You may have this condition and not realize it; after all, bunions don’t get the attention of other podiatric ailments such as athlete’s foot or hammer toe. In fact, they’re usually thought of as something that only afflicts the elderly. Be assured, bunions don’t check your ID before they inflict themselves upon you.
The cause of this painful foot condition isn’t anything of an exotic nature at all. Some foot specialists believe there is a hereditary aspect to bunions, and certainly, people may have a tendency in their family background to develop certain specific problems based on bone structure. However, the usual culprit in cases of foot deformity is the patient’s footwear. Society has the habit of attempting to squish size 10 feet into size 8 shoes, despite the obvious fact that this simply doesn’t work. Why, some may wonder, would anyone in their right mind do such a stupid thing? Out of simple vanity–big feet are viewed as undesirable features, especially for females.
So millions of us stuff our feet painfully, awkwardly even, into shoes which are too short, too narrow especially, and experience burning and pressure over a space of a few months. Then one day after hauling off the offending gear we notice the change in the shape of our feet. The joint where the big toe meets the foot will now appear misshapen, prominent, sticking out a ways. This bunion will look red and grotesque, like something fastened onto the toe and is growing. It’s actually more like a cross between a bone spur and a misalignment of the big toe. After all, you can’t force somthing into a space inappropriate for its size and shape continually without inevitable bad results. Think of it like a stretch of sidewalk that buckles when moisture underneath it causes it to expand in hot weather–that material has to go somewhere. With your toe bone, it’s no different; the aching bone will shift sideways.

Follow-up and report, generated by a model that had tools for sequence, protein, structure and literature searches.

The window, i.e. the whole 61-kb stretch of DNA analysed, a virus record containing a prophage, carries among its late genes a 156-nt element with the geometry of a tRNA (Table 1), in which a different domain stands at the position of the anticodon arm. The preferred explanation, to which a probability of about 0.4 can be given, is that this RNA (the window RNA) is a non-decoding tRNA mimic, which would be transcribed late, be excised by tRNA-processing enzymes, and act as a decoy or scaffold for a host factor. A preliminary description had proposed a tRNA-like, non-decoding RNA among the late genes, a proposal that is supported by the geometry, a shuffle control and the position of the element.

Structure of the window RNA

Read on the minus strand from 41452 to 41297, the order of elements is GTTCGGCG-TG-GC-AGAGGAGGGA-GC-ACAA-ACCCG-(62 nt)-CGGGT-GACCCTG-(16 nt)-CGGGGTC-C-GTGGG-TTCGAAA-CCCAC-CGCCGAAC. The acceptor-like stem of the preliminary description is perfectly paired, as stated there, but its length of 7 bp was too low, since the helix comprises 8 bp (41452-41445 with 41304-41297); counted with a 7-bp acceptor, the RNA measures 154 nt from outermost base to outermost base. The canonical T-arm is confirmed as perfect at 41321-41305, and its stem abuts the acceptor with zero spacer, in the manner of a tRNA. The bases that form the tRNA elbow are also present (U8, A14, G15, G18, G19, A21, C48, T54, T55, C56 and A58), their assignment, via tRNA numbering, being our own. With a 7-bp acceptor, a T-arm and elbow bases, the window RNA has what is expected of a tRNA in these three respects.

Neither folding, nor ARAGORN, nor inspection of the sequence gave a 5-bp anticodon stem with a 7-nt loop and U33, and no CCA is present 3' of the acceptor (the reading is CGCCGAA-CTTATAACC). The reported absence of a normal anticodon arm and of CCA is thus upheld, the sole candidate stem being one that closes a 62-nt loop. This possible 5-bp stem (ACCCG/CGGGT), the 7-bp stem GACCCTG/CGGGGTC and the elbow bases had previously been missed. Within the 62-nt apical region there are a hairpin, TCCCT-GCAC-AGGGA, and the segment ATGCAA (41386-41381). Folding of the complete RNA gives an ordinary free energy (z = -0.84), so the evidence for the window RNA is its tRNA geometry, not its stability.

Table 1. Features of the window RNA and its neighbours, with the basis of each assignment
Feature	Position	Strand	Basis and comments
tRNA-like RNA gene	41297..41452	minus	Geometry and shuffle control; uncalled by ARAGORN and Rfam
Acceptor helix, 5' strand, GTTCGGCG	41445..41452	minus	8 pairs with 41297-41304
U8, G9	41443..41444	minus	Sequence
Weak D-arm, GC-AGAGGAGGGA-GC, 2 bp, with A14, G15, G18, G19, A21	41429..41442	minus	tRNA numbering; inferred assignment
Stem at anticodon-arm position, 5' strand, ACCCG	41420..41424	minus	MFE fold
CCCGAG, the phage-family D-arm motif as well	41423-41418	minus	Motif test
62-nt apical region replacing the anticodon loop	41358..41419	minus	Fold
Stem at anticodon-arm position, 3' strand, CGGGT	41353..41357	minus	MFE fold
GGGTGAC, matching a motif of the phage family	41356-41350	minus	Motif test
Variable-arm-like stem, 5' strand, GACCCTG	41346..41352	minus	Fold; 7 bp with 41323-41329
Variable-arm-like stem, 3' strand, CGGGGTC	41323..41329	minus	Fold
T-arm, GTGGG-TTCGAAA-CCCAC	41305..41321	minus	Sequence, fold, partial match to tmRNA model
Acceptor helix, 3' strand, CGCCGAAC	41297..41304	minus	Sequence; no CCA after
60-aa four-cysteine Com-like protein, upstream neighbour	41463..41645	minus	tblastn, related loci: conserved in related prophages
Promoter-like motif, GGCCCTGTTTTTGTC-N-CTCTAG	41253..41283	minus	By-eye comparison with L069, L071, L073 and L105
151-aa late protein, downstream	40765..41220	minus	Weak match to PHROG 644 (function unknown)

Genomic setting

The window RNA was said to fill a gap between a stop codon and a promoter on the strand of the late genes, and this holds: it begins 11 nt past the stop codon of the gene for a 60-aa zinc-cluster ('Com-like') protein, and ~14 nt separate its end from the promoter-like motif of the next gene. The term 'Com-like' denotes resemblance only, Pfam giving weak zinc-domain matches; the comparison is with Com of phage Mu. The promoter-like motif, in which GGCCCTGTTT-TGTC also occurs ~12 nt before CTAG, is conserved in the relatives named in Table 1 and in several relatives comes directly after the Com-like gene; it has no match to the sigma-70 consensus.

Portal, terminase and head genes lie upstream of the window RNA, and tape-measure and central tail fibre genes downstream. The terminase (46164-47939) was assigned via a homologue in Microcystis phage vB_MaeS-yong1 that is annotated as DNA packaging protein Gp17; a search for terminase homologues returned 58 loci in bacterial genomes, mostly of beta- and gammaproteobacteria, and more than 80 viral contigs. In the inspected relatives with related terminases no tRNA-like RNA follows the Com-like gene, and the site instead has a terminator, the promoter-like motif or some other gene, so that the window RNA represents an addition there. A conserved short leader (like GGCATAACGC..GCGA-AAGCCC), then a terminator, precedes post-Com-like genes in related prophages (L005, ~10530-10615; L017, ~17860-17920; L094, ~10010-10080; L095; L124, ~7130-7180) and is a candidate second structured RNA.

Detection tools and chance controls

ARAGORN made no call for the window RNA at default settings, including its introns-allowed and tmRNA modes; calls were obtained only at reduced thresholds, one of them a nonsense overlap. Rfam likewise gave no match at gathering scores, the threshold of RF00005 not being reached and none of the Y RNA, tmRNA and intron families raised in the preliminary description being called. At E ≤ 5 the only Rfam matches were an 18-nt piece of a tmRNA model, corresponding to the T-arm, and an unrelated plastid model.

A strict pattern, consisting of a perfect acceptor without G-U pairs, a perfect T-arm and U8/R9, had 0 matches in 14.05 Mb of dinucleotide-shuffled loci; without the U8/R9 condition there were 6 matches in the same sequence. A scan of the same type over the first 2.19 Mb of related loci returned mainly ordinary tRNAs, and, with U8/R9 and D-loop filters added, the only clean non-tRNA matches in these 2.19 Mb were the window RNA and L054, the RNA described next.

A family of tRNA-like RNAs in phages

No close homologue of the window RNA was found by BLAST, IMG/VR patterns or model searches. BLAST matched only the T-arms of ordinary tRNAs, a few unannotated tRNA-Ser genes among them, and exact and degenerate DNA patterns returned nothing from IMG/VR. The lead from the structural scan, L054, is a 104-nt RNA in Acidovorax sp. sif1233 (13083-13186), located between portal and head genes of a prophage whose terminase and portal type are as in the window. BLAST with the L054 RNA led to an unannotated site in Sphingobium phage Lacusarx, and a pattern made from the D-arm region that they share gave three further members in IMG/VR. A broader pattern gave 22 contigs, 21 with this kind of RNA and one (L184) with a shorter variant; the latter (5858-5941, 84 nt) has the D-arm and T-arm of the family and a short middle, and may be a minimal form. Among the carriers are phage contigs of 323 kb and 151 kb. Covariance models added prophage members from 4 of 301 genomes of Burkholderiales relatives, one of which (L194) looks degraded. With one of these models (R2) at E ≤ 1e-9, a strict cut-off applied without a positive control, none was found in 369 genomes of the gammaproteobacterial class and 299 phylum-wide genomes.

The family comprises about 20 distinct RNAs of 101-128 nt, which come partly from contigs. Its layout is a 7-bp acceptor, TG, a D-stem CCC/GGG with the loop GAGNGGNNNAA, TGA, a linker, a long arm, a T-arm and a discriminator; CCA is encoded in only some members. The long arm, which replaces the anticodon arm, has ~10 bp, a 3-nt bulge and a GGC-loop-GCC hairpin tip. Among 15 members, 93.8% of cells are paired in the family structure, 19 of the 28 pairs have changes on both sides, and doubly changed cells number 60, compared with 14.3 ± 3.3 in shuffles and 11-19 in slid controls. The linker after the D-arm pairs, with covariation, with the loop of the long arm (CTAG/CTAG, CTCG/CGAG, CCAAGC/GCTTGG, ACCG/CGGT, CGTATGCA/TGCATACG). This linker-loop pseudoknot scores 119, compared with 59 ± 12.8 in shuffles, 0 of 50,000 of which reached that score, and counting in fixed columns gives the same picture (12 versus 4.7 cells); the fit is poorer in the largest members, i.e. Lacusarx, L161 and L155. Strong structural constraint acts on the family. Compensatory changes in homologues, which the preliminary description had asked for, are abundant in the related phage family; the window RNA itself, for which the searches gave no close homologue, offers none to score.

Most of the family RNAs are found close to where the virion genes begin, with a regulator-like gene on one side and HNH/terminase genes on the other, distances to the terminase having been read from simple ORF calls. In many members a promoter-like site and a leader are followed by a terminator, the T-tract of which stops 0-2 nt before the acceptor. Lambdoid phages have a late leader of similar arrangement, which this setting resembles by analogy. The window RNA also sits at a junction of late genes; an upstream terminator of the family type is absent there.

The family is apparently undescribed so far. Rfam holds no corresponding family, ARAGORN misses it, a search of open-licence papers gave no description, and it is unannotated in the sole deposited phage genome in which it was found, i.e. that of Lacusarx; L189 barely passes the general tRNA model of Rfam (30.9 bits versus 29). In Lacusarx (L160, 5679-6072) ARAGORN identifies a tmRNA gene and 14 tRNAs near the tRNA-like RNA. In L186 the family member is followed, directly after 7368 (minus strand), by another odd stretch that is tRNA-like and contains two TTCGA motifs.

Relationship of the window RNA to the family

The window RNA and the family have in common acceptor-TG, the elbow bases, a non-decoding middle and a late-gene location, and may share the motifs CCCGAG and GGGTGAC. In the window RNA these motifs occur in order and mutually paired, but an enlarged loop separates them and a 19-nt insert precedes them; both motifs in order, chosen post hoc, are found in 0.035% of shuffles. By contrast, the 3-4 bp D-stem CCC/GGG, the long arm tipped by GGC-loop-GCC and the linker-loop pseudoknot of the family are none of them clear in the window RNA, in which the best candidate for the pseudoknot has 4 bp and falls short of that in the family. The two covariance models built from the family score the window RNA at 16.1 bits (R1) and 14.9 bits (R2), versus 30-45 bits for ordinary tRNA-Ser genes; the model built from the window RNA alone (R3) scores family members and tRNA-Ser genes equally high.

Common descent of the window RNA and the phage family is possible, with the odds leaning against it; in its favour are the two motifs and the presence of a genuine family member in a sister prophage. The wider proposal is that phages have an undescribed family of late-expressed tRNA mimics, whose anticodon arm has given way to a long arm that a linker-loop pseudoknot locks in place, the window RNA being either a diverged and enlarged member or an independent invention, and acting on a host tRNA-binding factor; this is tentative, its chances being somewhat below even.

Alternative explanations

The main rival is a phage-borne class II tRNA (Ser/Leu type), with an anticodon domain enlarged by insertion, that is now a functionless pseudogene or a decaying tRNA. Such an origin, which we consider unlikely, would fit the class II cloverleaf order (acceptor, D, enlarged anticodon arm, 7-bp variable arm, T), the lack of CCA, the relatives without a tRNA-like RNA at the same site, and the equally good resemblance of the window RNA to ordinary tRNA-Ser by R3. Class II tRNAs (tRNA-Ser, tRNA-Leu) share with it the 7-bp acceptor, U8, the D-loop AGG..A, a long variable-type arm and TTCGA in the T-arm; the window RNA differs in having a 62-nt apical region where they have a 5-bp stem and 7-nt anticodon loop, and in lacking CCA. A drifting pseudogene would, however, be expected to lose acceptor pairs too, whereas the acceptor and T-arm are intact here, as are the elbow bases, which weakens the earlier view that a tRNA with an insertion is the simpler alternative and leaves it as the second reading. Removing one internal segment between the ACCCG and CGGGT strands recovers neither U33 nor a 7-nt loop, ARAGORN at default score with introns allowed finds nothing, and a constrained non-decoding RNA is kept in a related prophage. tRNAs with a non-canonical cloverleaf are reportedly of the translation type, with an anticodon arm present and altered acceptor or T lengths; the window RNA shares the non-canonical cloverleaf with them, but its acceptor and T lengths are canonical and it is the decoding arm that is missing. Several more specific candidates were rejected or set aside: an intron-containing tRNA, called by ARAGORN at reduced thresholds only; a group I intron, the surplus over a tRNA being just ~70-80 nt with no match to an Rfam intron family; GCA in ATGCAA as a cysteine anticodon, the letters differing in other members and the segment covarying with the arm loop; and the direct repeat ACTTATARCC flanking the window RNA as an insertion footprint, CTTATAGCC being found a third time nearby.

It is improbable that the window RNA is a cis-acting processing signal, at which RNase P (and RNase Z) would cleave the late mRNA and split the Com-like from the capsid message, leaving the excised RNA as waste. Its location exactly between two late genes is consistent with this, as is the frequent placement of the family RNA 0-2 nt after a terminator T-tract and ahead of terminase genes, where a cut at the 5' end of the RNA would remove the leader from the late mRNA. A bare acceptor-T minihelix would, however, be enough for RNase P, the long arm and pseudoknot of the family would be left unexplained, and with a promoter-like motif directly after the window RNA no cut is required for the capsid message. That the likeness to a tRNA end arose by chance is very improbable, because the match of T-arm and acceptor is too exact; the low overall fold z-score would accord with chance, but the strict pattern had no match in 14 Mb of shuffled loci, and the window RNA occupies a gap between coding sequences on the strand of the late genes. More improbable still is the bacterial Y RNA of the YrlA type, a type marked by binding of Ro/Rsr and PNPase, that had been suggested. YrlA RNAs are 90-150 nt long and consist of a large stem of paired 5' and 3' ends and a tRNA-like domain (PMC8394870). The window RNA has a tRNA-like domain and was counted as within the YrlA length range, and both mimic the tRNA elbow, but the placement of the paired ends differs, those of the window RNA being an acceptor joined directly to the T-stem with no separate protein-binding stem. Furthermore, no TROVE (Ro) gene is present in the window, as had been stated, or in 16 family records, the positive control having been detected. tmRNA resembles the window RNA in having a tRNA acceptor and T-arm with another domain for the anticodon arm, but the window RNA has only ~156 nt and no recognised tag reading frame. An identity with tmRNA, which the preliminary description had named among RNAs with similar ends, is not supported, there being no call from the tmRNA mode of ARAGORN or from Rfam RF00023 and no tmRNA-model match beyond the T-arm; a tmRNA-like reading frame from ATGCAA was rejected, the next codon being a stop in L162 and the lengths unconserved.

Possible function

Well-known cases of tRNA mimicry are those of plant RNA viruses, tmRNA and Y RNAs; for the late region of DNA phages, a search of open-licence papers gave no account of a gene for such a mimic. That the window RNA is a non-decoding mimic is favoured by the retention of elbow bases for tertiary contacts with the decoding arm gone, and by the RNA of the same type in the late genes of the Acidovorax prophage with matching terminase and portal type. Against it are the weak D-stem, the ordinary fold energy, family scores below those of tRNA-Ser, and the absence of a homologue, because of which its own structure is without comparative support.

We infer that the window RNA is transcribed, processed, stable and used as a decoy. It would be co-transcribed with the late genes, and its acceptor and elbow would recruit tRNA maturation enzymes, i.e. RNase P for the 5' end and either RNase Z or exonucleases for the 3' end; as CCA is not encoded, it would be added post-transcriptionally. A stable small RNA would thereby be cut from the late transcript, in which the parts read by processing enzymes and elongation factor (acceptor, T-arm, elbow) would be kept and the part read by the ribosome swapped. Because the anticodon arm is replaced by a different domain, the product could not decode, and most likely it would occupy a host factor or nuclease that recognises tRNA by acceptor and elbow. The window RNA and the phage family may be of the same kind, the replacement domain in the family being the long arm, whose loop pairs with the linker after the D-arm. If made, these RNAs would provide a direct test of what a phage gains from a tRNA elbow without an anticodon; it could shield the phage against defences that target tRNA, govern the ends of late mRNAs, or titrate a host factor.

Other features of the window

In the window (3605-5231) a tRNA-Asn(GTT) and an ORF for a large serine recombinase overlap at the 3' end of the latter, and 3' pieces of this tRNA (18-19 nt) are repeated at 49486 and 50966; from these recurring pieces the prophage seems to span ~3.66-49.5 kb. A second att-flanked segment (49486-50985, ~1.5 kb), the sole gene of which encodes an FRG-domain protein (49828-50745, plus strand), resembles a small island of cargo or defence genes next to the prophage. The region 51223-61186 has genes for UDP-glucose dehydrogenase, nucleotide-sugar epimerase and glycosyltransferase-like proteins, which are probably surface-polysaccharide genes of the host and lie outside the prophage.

So what can be done for bunions? The first step is to stop further foot damage by getting into better shoes. Simply grabbing the first pair that seemingly fit isn’t enough. Check with a shoe expert who knows about orthopedic problems and be properly measured and fitted. You also ought to see a competent podiatrist if the bunions are causing much pain. Orthopedic shoes may not be elegant but would you prefer constant agony?
Some patients are told that surgery is the solution when the situation is severe. Fortunately, there are other options. Icing the sore toe joint frequently will reduce swelling. Applying a poultice of castor oil several times daily can also help. Bathing the injured joint in herbal substances containing willow bark (a natural analgesic) can also help. Acupressure/acupuncture will certainly bring relief from pain and swelling, and can induce healing of the bone and other afflicted tissue.
Putting your best foot forward need not be a matter of pain and deformity if you follow those suggestions. However, prevention works best of all. Forget about looking dainty, just focus on comfort and give your feet what they need.
For Detroit area bunion sufferers, try this professional:
-Dr. Lawrence Brown, 25511 Van Dyke, Suite 100, Centerline–586-758-5770